Hello, I’m Scott Burns and I thought I’d share a little hack I put together the other day. I maintain a package on PyPI and was curious about download statistics per version. Since I don’t put out new versions on any sort of a schedule, I needed to normalize the downloads per version per time between each version.

Here’s a quick gameplan:

  • As far as I know, there’s no PyPI endpoint to grab uploaded version strings for a package, so we’ll have to scrape a little bit.
  • PyPI does provide a nice JSON endpoint (https://pypi.python.org/pypi/%(package)/%(version)/json) that we can use to grab the upload time and download statistics per version, among other things.
  • Load up a pandas.DataFrame and do some quick datetime subtraction and normalization.
  • Plot.

Getting started

I developed this with the super useful IPython notebook. The guts of this post don’t depend on it, but it simplifies plotting at the end. Let’s install ipython, some third-party stuff used here and boot up:

$ pip install ipython tornado pyzmq
$ pip install numpy
$ pip install pandas lxml requests matplotlib cssselect dateutil
$ ipython notebook

Assuming this goes to plan, a browser window will open where you can start a new notebook. Some initial imports:

from lxml.html import document_fromstring
import requests
import pandas as pd
from dateutil.parser import parse as dateparse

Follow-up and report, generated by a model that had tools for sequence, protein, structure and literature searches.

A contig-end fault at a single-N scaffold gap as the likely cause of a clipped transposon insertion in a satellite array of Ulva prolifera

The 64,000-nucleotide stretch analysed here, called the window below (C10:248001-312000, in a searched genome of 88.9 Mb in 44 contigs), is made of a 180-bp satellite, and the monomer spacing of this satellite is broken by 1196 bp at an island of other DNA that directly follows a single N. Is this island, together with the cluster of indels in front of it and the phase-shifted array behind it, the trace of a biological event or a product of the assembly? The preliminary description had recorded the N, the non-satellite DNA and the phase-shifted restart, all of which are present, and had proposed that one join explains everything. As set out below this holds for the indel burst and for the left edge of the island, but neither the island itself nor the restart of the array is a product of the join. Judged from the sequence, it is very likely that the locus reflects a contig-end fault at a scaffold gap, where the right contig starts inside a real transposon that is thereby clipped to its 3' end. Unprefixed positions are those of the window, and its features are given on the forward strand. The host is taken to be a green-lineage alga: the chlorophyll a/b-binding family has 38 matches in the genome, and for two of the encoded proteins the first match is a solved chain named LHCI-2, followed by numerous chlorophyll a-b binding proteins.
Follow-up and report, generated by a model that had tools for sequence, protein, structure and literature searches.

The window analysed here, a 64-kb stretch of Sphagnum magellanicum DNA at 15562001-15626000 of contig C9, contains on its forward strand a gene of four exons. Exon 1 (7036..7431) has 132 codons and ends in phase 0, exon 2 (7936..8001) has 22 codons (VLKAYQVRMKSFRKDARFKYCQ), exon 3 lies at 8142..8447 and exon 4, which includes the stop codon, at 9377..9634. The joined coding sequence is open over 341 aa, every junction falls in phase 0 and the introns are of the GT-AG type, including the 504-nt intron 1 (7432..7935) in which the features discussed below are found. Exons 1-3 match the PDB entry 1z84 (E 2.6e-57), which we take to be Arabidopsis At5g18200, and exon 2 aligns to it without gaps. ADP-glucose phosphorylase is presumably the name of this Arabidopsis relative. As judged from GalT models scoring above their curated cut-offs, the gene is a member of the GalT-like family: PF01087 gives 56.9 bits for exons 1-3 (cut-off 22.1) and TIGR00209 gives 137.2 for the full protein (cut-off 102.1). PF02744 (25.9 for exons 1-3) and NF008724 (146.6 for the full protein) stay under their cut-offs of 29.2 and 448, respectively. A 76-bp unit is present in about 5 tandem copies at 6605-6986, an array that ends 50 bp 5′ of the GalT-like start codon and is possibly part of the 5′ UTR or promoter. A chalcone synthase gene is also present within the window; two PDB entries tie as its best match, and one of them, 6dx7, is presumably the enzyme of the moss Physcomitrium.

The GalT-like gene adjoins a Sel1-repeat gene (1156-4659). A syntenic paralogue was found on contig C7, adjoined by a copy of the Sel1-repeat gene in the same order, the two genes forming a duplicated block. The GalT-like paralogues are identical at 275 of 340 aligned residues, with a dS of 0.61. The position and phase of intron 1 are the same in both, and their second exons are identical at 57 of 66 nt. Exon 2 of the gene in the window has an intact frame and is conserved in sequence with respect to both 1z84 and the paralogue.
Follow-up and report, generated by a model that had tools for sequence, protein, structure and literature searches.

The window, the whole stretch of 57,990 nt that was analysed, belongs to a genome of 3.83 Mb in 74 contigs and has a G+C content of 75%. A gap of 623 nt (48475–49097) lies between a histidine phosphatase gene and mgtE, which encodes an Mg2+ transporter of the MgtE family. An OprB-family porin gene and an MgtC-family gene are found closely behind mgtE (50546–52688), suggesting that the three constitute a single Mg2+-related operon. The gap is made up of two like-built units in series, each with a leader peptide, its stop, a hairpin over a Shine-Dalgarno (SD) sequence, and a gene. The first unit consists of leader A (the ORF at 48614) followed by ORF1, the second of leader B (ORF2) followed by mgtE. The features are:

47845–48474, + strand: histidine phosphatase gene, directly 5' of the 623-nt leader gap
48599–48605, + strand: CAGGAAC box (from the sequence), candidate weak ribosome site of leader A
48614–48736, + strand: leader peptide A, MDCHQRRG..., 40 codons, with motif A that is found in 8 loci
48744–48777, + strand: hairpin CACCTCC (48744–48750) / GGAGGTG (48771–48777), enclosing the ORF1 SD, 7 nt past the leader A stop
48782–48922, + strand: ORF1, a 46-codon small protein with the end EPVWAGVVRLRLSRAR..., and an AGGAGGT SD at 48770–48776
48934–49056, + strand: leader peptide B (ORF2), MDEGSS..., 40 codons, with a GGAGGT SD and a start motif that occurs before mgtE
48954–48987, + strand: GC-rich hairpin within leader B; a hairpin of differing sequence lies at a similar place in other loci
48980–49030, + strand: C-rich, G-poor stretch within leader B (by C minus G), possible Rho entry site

%pylab inline

Scraping PyPI for Package Versions

I’m not aware of a public endpoint on PyPI for grabbing all uploaded versions of a package (and if there is, just skip this section!), so we need to scrape the package edit page to grab this information.

def package_versions(package_name, name_pwd):
    Scrape the package's pkg_edit page for all uploaded versions

    package_name: official package name
    name_pwd: PyPI username, password tuple

    Returns a list of versions for the package
    pl = {':action': 'pkg_edit', 'name': package_name}
    r = requests.get('https://pypi.python.org/pypi', params=pl, auth=name_pwd)
    html = document_fromstring(r.content)
    rows = html.cssselect('table.list tr')[:-1]
    header = rows[0]
    data = rows[1:]
    version_index, _ = filter(lambda x: x[1].text_content().lower() == 'version',
    versions = map(lambda x: x[version_index].text_content(), data)
    return versions

There’s nothing too complex going on here. We’re using the venerable requests library to grab the page using our username and password for basic authentication. Given the page content, we parse it with lxml and then select the table rows (except the last row which contains the Remove and Update Releases buttons that we don’t care about). Then, the header row is filtered for which column contains the text Version so this scraping function won’t break if the columns are re-ordered for whatever reason. Finally, we pull out the version string from each of the rows in the table and return the list.

Since PyPI uses basic authentication, we need to provide our username and password to grab the page. If you use a ~/.pypirc config file, your credentials are stored in the [pypi] section. This function makes it a little bit easier to grab it:

def get_pypi_auth():
    Try to read ~/.pypirc and return the (username, password) tuple
    from ConfigParser import ConfigParser
    import os
    cp = ConfigParser()
    name = cp.get('pypi', 'username')
    passwd = cp.get('pypi', 'password')
    return name, passwd

Using the Official PyPI JSON Feed

Fortunately, PyPI provides a proper JSON feed for a package’s statistics, so that’s the end of our scraping. Here’s a function to grab the package metadata and download information:

def package_data(package, version):